US lawmakers are racing to debate legislation that will avert a feared government shutdown.
The stop-gap bill would allow Congress an extra week to reach a deal to fund the government to the end of September.
The legislation will first be debated in the House of Representatives on Friday, just hours before a deadline for funding federal agencies expires.
Republicans have been forced to make several concessions, the latest on funding for so-called Obamacare.
If the bill passes the House, as expected, the Senate will take it up and, if it continues its passage, it will be sent to President Donald Trump to be signed into law.
The Republican-controlled Congress wants to avoid a government shutdown, which would close national parks and monuments, lay off federal employees and delay tax refund payments.
The last shutdown, in 2013, lasted for 17 days.
President Trump tweeted his frustration at the Democrats, saying: “As families prepare for summer vacations in our National Parks – Democrats threaten to close them and shut down the government. Terrible!”
What is at stake?
The proposed bill would give lawmakers until 5 May to work out their differences on $1 trillion (£770bn) of funding until 30 September.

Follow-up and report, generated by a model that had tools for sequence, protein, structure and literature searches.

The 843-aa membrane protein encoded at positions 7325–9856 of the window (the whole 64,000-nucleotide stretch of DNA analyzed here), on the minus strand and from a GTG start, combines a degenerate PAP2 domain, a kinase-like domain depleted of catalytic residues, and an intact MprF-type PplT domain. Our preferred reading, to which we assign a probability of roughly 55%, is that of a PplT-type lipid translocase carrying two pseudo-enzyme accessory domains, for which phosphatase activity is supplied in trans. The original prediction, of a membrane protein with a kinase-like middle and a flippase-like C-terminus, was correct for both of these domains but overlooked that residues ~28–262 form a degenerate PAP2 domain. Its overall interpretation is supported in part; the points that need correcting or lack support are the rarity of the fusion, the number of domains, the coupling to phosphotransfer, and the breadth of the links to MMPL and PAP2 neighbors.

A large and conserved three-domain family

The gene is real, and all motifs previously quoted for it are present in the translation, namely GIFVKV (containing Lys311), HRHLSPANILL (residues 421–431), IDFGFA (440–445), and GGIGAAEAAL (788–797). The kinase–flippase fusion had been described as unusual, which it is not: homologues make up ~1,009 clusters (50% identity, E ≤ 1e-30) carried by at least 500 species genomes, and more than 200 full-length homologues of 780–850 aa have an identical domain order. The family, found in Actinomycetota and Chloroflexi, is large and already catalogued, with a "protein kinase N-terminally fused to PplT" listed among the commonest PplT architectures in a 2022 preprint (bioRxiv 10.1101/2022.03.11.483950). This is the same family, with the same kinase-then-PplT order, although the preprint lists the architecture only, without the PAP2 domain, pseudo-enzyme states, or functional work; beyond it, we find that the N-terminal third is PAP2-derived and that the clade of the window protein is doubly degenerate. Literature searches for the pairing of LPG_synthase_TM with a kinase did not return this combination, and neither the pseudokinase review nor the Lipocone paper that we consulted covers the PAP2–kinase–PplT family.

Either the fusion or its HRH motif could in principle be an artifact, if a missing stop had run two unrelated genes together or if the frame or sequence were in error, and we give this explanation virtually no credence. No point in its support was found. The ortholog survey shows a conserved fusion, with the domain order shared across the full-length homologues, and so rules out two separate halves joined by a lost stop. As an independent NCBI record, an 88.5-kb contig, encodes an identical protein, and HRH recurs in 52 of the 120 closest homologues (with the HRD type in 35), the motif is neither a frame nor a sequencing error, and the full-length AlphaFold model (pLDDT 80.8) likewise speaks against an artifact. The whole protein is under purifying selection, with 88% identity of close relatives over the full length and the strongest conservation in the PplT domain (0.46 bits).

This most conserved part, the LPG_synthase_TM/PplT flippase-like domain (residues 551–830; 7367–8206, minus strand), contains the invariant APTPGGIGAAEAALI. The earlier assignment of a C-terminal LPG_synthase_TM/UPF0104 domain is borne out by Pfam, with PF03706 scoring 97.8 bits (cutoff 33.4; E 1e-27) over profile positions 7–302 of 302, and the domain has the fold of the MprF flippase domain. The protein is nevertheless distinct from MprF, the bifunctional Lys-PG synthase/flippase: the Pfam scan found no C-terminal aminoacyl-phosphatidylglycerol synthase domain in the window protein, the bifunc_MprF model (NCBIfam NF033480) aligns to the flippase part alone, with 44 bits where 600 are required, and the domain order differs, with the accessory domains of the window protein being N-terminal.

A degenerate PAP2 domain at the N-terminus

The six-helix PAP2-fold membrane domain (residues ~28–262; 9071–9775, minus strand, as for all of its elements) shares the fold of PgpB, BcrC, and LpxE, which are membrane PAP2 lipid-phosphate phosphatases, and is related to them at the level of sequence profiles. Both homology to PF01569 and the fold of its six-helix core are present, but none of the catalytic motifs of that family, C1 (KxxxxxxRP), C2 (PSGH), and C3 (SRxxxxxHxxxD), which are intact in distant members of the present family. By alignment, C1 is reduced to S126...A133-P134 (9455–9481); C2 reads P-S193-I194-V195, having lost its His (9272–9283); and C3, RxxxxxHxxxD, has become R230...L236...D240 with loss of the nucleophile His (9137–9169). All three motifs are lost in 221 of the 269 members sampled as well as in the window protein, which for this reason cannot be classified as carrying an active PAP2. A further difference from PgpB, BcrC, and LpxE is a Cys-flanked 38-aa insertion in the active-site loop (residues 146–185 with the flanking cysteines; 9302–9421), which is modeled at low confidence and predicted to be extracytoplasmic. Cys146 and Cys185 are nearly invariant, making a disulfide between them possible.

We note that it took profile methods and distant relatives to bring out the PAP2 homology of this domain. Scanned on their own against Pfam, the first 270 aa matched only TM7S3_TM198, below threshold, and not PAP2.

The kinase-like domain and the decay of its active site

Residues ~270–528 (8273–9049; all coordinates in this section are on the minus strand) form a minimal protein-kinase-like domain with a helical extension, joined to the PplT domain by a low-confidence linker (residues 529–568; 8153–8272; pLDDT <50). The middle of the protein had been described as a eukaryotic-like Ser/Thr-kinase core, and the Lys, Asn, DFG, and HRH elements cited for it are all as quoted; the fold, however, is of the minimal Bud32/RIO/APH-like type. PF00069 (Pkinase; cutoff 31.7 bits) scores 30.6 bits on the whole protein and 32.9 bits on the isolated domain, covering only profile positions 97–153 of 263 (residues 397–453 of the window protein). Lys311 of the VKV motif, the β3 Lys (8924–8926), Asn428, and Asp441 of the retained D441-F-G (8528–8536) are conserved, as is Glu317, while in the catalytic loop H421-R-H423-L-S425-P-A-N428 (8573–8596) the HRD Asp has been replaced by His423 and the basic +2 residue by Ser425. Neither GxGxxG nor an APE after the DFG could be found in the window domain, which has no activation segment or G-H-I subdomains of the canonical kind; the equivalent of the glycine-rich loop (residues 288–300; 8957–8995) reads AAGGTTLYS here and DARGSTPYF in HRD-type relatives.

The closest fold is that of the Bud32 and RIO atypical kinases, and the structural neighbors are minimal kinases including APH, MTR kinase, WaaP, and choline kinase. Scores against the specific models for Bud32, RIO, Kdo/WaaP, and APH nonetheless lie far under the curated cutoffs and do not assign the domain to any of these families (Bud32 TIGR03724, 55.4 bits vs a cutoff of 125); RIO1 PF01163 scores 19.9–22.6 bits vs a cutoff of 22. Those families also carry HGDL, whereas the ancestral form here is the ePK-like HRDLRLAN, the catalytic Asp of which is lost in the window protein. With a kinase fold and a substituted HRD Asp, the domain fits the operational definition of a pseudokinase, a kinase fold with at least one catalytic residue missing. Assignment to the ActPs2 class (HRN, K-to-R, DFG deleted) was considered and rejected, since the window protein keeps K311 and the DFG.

Without the extension, federal agencies will run out of money by midnight on Friday (04:00 GMT Saturday).
A shutdown would most probably trigger abrupt layoffs of hundreds of thousands of federal government workers until funding resumes.
In a late-night meeting on Thursday, the House Rules Committee voted 8-2 to send the legislation to the House for debate on Friday.
“I’m confident we will be able to pass a short-term extension,” said House Speaker Paul Ryan.
What is the hold-up?
There have been a number of key disputes.
One is Mr Trump’s proposal to erect a wall on the US-Mexico border. He had to yield to Democrat demands not to include funding for it in the spending bill.
Another was Obamacare, formally known as the Affordable Care Act.
Mr Trump made scrapping it a key campaign pledge but he failed in an earlier attempt to get his own health plan through Congress.
The Republicans wanted to include cuts to a key part of Obamacare in the budget deal but have now withdrawn that.
It is also not clear whether the Republicans will be able to increase defence spending without also raising investment in other domestic programmes.
Mr Trump has proposed $30bn in extra funds for the Pentagon for the rest of this fiscal year.
Democrats had refused to support the bill unless it allowed for an Obamacare provision that paid health insurance companies to help keep medical costs down for low-income Americans.
The resolution will also extend healthcare benefits for retired union coal miners through to 5 May. Those benefits would have expired on Friday as well.
The sweeping spending package would combine 11 unfinished spending bills into a single “omnibus” bill, becoming the first bipartisan legislation under Mr Trump’s presidency.